A senior Russian security official sought to justify ongoing Russian arms deliveries to Azerbaijan on Tuesday, saying that they help Moscow gain leverage against Armenia’s arch-foe.
“On one side is our ally Armenia and on the other our partner [Azerbaijan.] We can’t enter into de facto or de jure conflicts with former Soviet republics,” said General Vladimir Nikishin, a senior aide to Nikolay Bordyuzha, the secretary general of the Russian-led Collective Security Treaty Organization (CSTO).
“Furthermore, if we forge links with those states in such a way, we can have a certain influence on their policies. An influence through effective and peaceful methods,” Nikishin told RFE/RL’s Armenian service (Azatutyun.am) on the sidelines of a security conference in Yerevan.
Nikishin referred to the large-scale sales of Russian-made offensive weapons to Azerbaijan. According to recent media reports confirmed by Russian officials, Moscow began supplying the Azerbaijani military last May with $1 billion worth of tanks, artillery systems and other offensive weapons in line with defense contracts signed two years ago. Azerbaijan’s President Ilham Aliyev said in June that Baku plans to buy more Russian military hardware.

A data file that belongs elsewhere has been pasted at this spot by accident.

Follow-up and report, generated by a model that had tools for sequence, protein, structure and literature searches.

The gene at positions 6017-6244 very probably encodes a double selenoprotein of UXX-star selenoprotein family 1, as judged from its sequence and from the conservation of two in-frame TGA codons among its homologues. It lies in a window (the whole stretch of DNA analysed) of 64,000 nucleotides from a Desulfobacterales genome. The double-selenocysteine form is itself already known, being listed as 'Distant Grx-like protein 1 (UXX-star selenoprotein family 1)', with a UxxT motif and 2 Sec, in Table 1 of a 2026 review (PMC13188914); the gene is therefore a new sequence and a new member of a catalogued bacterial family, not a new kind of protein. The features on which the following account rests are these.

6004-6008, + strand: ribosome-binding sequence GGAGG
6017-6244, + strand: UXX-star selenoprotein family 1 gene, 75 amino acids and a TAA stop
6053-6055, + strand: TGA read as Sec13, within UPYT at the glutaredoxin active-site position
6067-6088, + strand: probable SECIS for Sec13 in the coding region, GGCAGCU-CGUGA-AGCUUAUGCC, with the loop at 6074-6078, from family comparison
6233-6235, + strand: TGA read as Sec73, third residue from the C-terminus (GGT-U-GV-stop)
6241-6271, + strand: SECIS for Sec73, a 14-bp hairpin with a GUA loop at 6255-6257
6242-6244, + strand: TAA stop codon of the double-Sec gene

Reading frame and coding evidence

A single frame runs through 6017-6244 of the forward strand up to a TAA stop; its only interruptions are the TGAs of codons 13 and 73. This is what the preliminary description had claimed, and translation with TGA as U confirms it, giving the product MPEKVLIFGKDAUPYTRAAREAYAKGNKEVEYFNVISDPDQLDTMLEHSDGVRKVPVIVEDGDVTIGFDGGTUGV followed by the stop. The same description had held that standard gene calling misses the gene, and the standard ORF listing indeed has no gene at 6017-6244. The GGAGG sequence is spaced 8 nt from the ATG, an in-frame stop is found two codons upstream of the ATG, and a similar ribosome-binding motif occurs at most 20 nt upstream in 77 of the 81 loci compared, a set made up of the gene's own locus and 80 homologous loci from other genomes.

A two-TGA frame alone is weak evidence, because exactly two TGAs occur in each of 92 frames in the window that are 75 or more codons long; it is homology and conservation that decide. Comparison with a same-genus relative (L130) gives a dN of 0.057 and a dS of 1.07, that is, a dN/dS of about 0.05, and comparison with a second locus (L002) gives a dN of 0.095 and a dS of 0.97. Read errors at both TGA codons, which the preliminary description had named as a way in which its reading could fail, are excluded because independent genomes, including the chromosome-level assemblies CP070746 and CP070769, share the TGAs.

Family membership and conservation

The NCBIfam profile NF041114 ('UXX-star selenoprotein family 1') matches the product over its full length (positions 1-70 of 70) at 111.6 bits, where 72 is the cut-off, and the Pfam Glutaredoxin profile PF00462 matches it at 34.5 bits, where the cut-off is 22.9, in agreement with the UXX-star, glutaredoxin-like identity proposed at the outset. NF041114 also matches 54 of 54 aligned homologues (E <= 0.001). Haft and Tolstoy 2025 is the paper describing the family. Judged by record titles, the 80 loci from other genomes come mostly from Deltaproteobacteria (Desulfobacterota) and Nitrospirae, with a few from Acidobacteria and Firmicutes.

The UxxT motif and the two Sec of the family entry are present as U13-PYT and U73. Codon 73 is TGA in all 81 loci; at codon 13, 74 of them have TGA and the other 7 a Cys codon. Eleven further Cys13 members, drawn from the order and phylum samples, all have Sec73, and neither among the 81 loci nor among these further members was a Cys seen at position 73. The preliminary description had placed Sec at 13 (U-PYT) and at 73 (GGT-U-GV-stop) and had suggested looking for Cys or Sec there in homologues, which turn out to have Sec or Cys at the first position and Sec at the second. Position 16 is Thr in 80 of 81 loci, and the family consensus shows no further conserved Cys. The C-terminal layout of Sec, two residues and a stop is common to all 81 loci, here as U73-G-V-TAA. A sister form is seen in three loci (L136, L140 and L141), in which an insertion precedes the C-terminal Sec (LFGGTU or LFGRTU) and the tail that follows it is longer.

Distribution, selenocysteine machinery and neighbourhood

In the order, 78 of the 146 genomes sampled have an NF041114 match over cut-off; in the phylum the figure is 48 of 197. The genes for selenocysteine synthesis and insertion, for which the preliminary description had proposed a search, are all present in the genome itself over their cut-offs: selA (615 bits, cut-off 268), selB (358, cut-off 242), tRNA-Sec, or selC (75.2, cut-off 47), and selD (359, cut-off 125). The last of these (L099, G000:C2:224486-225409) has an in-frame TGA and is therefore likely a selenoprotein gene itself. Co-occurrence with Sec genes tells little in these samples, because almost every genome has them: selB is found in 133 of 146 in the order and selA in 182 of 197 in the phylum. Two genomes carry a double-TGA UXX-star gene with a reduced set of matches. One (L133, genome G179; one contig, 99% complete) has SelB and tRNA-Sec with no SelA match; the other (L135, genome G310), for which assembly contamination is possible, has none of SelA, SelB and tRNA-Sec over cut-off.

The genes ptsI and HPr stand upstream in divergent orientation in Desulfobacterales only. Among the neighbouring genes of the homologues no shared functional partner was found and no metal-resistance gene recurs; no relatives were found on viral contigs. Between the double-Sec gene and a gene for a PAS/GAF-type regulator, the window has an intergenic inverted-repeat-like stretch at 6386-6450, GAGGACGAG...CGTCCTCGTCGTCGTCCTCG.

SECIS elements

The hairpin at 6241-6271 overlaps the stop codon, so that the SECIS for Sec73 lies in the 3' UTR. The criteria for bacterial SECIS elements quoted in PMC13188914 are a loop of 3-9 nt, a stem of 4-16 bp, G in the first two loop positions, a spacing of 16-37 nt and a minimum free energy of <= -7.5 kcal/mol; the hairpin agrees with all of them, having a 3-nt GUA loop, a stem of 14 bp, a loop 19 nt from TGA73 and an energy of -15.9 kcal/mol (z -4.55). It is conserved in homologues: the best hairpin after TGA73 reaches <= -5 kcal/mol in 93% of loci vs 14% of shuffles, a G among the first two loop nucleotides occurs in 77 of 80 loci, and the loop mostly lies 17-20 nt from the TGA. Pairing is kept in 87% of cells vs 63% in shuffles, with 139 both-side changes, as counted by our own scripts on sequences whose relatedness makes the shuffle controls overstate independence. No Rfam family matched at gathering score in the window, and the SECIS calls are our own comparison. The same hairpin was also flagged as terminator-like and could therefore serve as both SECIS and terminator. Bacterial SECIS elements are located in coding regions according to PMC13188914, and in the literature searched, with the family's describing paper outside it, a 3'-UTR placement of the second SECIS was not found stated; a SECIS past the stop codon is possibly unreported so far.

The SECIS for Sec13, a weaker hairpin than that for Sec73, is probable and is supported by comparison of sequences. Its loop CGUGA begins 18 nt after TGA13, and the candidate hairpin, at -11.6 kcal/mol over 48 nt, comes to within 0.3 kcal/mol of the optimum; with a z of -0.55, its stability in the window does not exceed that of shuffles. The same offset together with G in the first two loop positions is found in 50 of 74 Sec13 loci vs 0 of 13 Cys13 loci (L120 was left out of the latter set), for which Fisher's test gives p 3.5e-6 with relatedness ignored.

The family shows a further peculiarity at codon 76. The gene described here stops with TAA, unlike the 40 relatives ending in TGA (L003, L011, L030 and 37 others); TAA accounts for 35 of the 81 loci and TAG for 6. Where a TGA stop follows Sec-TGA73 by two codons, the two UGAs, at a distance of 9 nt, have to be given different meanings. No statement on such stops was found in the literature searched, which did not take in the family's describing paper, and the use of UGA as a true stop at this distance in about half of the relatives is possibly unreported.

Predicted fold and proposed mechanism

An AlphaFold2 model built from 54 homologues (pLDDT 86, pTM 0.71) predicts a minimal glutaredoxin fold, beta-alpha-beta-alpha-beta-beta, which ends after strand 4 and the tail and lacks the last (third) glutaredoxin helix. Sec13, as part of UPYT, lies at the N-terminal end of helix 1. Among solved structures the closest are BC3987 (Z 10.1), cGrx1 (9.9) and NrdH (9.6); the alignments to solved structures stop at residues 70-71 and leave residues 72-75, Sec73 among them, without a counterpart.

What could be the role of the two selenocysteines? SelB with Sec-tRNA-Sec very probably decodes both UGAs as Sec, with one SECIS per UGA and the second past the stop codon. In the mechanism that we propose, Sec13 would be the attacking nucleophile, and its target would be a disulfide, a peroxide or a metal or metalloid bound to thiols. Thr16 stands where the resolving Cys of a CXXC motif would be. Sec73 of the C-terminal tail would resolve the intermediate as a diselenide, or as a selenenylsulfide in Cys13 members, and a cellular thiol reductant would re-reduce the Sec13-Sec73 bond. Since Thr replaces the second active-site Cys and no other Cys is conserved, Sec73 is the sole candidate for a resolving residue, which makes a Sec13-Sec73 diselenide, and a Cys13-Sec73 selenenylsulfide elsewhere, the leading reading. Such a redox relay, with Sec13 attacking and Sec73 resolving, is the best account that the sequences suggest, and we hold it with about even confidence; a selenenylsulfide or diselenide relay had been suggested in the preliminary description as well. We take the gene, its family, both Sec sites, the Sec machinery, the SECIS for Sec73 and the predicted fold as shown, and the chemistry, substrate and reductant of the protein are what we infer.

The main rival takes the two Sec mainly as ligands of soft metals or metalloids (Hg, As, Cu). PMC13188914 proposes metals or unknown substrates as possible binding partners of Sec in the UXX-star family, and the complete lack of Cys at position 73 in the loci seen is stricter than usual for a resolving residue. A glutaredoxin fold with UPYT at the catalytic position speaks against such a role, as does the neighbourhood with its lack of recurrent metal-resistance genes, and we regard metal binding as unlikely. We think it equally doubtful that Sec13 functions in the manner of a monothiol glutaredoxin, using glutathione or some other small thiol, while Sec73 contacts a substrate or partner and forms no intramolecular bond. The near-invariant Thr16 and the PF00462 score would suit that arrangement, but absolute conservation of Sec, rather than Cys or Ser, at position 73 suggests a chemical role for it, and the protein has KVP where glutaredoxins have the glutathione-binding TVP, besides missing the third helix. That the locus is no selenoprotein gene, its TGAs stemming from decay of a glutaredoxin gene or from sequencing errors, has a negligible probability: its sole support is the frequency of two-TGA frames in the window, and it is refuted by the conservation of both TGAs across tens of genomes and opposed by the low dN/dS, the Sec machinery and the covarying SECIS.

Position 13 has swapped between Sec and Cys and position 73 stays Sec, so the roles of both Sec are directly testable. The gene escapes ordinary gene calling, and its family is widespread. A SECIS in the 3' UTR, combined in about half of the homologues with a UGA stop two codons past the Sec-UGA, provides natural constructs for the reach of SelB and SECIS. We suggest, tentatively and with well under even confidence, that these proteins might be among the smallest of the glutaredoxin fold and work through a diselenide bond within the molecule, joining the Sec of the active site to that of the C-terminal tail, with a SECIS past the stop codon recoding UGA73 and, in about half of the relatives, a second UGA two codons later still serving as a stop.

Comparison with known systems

The reports caused an uproar in CSTO member Armenia, with local politicians, media commentators and other pundits accusing Russia of weakening the Armenian side in the Nagorno-Karabakh conflict and thus betraying its main regional ally. The Armenian government refrained from publicly criticizing the Russians, however. Officials in Yerevan implied that the arms sales to Baku will be offset by continued Russian military assistance to Armenia.
Russian officials defending the arms sales have until now put the emphasis on their commercial character, saying that Baku would have purchased such weapons from other countries had Moscow refused to sell them. They have also assured Armenians that the Russian-Azerbaijani arms deals will not change the military balance in the Karabakh conflict.